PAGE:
Younger resident Ko Han Myo Swan told the meeting that it was time to reach out to the new National League for Democracy-led government about their concerns “as soon as possible”.

The mood was similar in nearby Tizit village, which also faces relocations. Here, store owner U Kyaw Zwar said the lack of information meant he and fellow villagers were forced to do their own research into the impact of the project which he said will be “harmful”.

Tizit village “relies on the fishing industry”, 72-year-old U Myint Soe added.

“We heard that the pipeline from the refinery will cross our village and our fishing area will be affected,” he said. “If they force us to relocate … my children will leave school and go to Thailand as migrant workers,” he said, on the point of tears.

Misinformation and contradictory statements were heard across surrounding villages. Some thought work was due to begin as early as June. Compensation was discussed but no one knew exactly how much. Job opportunities at the oil refinery were seen as an impossibility as villagers “don’t even know how to type”. Health concerns were especially prevalent.

As a result more than 2000 people from six nearby villages have so far signed a petition calling for the project to be scrapped.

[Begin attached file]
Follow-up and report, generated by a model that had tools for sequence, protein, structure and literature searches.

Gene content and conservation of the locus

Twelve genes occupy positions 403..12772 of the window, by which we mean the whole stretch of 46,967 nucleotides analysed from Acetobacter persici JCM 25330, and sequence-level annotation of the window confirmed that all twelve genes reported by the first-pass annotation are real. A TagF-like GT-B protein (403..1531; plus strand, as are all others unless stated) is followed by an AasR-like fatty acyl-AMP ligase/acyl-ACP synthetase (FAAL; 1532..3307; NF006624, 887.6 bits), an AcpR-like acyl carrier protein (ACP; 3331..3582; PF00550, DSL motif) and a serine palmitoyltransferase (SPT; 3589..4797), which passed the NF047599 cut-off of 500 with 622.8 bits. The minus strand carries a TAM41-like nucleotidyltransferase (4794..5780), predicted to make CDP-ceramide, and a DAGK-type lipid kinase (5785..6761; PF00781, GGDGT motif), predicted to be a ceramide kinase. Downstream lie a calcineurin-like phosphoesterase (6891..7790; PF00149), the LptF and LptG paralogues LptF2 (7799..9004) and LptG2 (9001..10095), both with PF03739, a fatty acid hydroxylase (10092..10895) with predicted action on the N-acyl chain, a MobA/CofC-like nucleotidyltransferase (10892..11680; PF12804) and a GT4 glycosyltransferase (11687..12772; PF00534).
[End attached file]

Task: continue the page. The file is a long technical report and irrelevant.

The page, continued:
“The community has the right to say no to such a project which will impact their future development,” said Ko Thant Zin of the Dawei Development Association, which is facilitating the petition.

Guangdong Zhenrong Energy Co says the majority of interactions with villagers around Dawei had been outsourced to Resource and Environment Myanmar, a consultancy.

When presented with villagers’ concerns by The Myanmar Times, Guangdong Zhenrong Energy Co indicated that there would be an increased effort to communicate with villagers in future.

Further emphasis would be made to answer villagers’ questions and explain the professional opportunities that will be available to them through the project.

But equally concerned are investors behind the planned Mandolis Resort, an eco-resort being built directly behind Tizit Beach.
The resort had been under construction since November 2015, with the first stage scheduled to open later this year.

“It was a big shock. There was no warning,” said investor Nawar Al Bitar of the news that the project had been approved by the outgoing government in late March. Work at the eco-resort has since been stopped temporarily.

Mr Al Bitar said the oil refinery would deal a blow to tourism not just on Tizit beach, but around the region.